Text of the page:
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Readings: 15th Sunday after Trinity

04 September 2015


Proper 19: Proverbs 1.20-33; Psalm 19 (or 19.1-6), or Wisdom 7.26-8.1; James 3.1-12; Mark 8.27-end


God, who in generous mercy sent the Holy Spirit upon your Church in the burning fire of your love: grant that your people may be fervent in the fellowship of the gospel that, always abiding in you, they may be found steadfast in faith and active in service; through Jesus Christ our Lord. Amen.


ALTHOUGH the lectionary omits Mark 8.1-26, it is worth reading before continuing from verse 27. The feeding of 4000 people — probably Gentiles — from seven loaves and a few fish (Mark 8.1-10), another encounter with the Pharisees (Mark 8.11-13), and a blind man’s miraculous healing (Mark 8.22-26) provide motifs that will be significant in the next stage of the Gospel account.

Jesus now begins to prepare the disciples for the end to which his earthly ministry is heading. To grasp this, they will need to be generous in accepting that he offers salvation to the world, and not just to a small constituency. They will have to distinguish between the values of human powers, and the values of a new sort of life. Above all, they will need vision, both to protect themselves in hostile conditions, and to see profoundly what the message of Jesus means.

All of this is part of Mark’s preoccupation with identity, and now Jesus presses the disciples to commit themselves rather than shelter behind the general speculation that he is a returned John the Baptist or Elijah. It is Peter, the first to answer Jesus’s call to follow him, who is the first to acknowledge Jesus as “Messiah” (Mark 1.16-18, 8.29).

That title carries an immense weight of expectation. Matthew and Luke attach it to Jesus from an early stage in their narratives, establishing him as Saviour and King; this is its first appearance in Mark, and it allows the reader to imagine what it was like for Peter to realise that he knew something he did not know he knew.

The perfect moment of epiphany is shattered, however, as Jesus goes alarmingly off-message to introduce his coming death and the extraordinary idea that he will rise again (Mark 8.31). Peter acts, presumably to save Jesus from himself, knowing the dangers of incautious speech in the volatile climate of their world.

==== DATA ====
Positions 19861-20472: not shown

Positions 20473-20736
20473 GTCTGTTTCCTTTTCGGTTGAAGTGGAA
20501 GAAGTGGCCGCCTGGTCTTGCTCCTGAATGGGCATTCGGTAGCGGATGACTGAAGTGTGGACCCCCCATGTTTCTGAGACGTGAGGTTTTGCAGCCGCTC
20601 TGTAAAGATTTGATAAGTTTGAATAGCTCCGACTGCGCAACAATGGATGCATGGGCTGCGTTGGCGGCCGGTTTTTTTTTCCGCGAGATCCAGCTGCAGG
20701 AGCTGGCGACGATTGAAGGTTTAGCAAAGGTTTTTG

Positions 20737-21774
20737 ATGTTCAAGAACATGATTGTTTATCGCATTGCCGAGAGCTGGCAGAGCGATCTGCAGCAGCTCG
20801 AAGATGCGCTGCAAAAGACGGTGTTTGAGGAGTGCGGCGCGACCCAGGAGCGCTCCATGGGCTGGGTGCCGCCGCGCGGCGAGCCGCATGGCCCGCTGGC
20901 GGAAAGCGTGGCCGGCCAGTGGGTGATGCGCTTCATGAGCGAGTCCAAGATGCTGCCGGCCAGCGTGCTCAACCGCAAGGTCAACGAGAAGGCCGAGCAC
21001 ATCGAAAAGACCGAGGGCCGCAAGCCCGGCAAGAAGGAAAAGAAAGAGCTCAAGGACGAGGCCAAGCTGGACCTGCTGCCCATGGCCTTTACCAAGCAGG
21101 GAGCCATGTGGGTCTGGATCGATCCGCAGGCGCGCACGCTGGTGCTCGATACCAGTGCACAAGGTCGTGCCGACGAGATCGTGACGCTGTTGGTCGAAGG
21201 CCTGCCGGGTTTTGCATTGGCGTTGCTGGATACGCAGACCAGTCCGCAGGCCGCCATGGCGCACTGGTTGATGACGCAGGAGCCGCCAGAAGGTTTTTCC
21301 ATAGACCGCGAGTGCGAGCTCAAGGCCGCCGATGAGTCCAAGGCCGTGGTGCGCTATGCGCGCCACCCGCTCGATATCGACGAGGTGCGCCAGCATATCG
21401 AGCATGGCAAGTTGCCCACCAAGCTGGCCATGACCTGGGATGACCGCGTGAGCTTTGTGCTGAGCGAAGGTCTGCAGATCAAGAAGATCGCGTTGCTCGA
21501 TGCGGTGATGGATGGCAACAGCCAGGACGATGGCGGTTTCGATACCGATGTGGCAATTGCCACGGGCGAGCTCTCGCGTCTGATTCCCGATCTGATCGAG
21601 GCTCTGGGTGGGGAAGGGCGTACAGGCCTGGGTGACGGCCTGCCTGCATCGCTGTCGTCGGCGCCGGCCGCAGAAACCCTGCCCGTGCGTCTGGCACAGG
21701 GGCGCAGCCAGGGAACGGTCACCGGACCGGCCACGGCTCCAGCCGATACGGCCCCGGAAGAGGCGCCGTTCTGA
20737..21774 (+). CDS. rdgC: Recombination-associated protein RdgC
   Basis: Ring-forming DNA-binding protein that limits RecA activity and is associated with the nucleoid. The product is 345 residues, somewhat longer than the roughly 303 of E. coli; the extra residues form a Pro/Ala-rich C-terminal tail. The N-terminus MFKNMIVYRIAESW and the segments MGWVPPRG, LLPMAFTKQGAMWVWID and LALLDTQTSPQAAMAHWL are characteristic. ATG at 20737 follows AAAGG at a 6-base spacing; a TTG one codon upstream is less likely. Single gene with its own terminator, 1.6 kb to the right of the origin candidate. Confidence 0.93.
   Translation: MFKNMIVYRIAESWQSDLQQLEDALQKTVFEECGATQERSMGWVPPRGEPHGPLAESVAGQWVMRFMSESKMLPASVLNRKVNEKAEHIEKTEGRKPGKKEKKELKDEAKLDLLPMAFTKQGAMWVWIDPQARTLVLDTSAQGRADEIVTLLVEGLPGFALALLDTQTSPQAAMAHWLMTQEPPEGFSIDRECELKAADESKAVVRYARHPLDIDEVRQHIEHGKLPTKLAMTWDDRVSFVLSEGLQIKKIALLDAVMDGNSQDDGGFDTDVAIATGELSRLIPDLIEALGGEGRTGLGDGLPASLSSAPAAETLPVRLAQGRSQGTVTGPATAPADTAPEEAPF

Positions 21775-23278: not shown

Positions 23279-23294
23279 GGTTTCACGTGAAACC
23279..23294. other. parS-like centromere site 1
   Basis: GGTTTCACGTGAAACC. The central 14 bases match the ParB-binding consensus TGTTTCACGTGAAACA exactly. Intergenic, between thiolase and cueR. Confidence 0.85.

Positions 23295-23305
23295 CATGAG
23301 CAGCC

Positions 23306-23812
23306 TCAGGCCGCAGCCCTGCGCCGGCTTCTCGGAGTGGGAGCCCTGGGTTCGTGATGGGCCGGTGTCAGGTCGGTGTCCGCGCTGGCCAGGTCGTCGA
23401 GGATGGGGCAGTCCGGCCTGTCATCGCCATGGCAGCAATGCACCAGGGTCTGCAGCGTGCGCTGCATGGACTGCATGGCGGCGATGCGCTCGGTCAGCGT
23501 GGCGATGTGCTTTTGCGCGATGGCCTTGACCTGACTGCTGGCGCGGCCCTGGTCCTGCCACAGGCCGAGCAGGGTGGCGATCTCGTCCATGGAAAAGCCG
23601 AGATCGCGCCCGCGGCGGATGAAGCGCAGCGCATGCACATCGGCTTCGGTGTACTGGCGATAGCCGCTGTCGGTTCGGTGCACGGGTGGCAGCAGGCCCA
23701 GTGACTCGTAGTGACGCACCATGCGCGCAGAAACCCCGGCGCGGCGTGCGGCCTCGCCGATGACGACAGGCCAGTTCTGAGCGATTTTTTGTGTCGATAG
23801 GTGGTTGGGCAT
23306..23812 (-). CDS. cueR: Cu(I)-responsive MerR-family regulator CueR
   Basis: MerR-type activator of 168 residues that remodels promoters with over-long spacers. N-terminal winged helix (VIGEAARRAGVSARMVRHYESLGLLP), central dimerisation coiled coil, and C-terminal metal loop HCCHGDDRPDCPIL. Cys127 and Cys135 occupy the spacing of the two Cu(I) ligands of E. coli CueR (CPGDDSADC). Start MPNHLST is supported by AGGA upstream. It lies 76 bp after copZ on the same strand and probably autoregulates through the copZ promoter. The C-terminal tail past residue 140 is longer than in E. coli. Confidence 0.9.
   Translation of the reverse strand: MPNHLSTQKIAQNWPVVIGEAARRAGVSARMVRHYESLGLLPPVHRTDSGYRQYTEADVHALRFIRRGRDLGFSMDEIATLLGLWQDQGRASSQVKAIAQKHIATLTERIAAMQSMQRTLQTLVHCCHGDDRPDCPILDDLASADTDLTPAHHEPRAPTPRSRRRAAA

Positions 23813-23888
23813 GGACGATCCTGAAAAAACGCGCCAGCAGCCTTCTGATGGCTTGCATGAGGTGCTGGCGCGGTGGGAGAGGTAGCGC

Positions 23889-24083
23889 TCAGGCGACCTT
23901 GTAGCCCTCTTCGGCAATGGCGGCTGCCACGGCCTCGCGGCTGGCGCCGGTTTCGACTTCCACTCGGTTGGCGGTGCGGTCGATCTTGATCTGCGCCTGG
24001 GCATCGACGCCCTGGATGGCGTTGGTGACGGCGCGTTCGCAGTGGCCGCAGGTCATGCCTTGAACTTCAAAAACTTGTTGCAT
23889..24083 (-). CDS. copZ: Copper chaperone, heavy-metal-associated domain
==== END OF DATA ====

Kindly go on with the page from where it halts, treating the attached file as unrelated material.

By the measure of that world, he acts wisely. But that is not the measure that Jesus is applying. He has in mind a gift of life, bought at great cost, because it is of infinite value. Any life parsimoniously hoarded in a hostile world is mean by comparison; and it is not proof against time. God’s life must not be confused with the poor imitation that might tempt someone who feared conflict and pain.

Statements such as this are, of course, easier to hear or write down than to live, no matter how sincerely they are believed. The experiences of Christians persecuted and tortured for their faith are evidence enough of that fact. Paul was frank about what following Jesus looked like to the world when he wrote to the Corinthians: “The message of the cross is folly to those who are perishing, but to those who are being saved, it is the power of God and the wisdom of God” (1 Corinthians 1.18).

Jesus persists in offering his dangerous invitation to the crowd, sparing nothing of what following him will mean. His challenge to them is to consider what they would lose by refusing (Mark 8.34-38).

Despite the careful distinctions between the foolish and the wise in the proverbs and illustrations provided by the ancient Near Eastern world and kept alive by generations, it must have been hard for the crowd to tell the difference when it came to the lives that Jesus was putting before them. Would it have seemed wayward and complacent to choose a safe and quiet place on earth (Proverbs 1.32)? Would Jesus’s words have seemed like the call of wisdom to a security better than the fickle world could offer (Proverbs 1.33), or like the irresponsible mischief-making of the undisciplined tongue (James 3.5-8)?

Those questions have confronted followers of Jesus from the earliest times. They confront us this week in two feasts. Holy Cross Day falls on 14 September, and calls us to celebrate the victory of the Cross, mindful always that it is a victory scarred by pain and degradation.

Then 15 September honours the third-century bishop and martyr, Cyprian of Carthage, who died in 258, a champion of the unity of the Church. His restoration of those penitents who had denied their faith under persecution recognised compassionately that following Jesus is a hard calling.

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